Analysis: It's morning again in America -- for now. Obama's odds on a second term have gotten a boost by good economic news. But the U.S. recovery is linked to the situation elsewhere, notably in downtrodden Europe, still the top consume
The United States is witnessing a perfect storm of job creation and economic growth. An unexpected mix of low wages, companies with surplus cash and consumers ready to spend again is simultaneously boosting the world's largest economy, offering oxygen to the markets and increasing President Barack Obama's chances of reelection in November.
But without Europe, the storm will not be truly perfect. The U.S. and its president must hope that the relaunch of their economy will not be stopped abruptly by a disastrous crisis or political gridlock. Last week, Obama spoke warmly about European leaders and expressed his great esteem for Italian Prime Minister Mario Monti, who was paying his first visit to Washington as Italian prime minister. The American president's words, however, were also strategic.
In a globalized world, no country is an island. The United States and Europe have deep commercial relations. They are indivisible partners. Of course, their current economies are different: the U.S. is growing, while Europe is sliding back into recession. The U.S. is looking ahead, with tech companies such as Facebook, Google, and Apple. Europe is licking its wounds and facing joyless years of austerity to get its budgets into order.
Nonetheless, the relationship is symbiotic. The American recovery will transform into substantial growth only if Europe manages to avert the worst-case scenario and begin again to buy products and services "Made in the U.S.A."
American numbers are not bad at all. In the last quarter of 2011, GDP rose by 2.8%, the best performance in the last year and a half. Treasury Secretary Timothy Geithner recently said that in 2012 GDP may rise by 3 percent. Of course, it is not at the levels of China or India, but it is indeed much better than Italy or Greece.
The most important data for the White House, though, is the unemployment rate, which has been the Achilles heel of the American economy and Obama's reelection chances. Republicans, and especially frontrunner for the nomination, Mitt Romney, have focused their attacks on Obama around job creation.
But good news arrived last week on this front as well. In January, the unemployment rate dropped to 8.3%, the lowest level during Obama's administration. Over the last five months, the unemployment rate has declined. Analysts predict this trend will continue. This could be crucial for Obama, who will need to win votes in the manufacturing areas of the Midwest, and in the southern states where jobs have vanished in recent decades.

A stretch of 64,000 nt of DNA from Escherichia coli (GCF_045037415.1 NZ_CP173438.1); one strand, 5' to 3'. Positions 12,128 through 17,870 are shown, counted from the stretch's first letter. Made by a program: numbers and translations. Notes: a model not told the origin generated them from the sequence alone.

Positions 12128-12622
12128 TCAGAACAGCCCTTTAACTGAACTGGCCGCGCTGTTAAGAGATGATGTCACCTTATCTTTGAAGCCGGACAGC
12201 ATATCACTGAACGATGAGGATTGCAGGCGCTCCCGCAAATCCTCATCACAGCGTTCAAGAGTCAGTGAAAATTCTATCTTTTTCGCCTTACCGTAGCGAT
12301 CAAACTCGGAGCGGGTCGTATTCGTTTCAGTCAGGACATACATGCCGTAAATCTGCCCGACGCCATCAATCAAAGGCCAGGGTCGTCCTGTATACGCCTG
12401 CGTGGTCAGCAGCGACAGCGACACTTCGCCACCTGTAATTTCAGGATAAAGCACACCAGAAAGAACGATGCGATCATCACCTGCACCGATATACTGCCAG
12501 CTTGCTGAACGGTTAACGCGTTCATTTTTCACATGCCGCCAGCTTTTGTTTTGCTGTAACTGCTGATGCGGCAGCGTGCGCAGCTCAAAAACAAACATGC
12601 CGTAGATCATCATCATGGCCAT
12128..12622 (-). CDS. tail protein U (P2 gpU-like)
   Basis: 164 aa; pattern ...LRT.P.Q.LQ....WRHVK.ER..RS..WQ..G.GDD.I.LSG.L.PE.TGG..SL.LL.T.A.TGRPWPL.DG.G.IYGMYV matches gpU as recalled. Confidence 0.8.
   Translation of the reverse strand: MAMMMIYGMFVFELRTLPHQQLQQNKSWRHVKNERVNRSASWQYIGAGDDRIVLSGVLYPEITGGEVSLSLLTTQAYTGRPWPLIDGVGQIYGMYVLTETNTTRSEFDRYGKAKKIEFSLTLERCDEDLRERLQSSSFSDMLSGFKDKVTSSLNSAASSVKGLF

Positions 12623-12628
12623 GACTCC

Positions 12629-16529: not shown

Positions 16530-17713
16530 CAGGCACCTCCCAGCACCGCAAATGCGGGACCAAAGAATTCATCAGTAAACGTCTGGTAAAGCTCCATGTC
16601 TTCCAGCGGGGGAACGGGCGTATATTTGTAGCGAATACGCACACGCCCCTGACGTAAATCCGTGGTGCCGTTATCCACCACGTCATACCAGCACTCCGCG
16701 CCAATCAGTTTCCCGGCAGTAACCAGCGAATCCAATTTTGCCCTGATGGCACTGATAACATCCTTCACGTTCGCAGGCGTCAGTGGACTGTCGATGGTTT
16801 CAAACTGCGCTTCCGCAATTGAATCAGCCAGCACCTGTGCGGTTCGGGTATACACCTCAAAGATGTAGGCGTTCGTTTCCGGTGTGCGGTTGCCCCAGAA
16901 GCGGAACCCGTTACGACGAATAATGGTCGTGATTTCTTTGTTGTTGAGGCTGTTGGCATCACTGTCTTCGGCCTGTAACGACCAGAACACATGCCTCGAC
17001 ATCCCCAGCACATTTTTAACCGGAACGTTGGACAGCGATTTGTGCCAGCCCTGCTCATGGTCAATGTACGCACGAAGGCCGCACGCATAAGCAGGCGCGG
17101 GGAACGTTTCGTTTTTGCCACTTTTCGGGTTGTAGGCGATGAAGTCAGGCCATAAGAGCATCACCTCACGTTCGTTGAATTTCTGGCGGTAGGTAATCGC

Local recovery, global doubts
During a recent visit to a fire station in Virginia, Obama declared that "the recovery is speeding up" and that, "we can't go back to the policies that led to the recession."
Still, Obama's beautiful rhetoric will be futile if the recovery slows. This is why Europe matters. Much of the good news for the U.S. economy was local. Right now, the companies that have done most of the hiring recently are the local ones: in restaurants and bars, health care, and professional service sectors.
The manufacturing sector, which is one of the main engines of the U.S. economy, has not been part of the recent success. Companies that provide goods instead of services have retrieved just 400,000 of the two million job posts that have been lost since the beginning of the crisis.
Within the manufacturing industry, companies that have done better are those operating on the domestic market. This is the case for Detroit auto giants, which had been written off in 2007-2008.
Chrysler's commercial that aired last Sunday during the halftime of the Super Bowl was the best symbol of Detroit's recovery. Actor Clint Eastwood said in his husky voice, "It's halftime, America. Our second half is about to begin."
But the results don't depend only on America. To keep growing and to reduce unemployment, the U.S. needs to be able to export to Europe, given that Asia doesn't buy as many western products.
But as of now, Italian, Spanish, French and even German consumers are not ready to spend. The economic crisis is forcing governments to introduce austerity measures, and individuals are saving their euros.
This is the transatlantic dilemma. The feel-good factor -- where confidence leads to consumption -- that is driving the recovery in the U.S., is absent in depressed and worried Europe. The perfect storm has yet to cross the Ocean.
Read the original article in Italian
Photo - Italian embassy to U.S.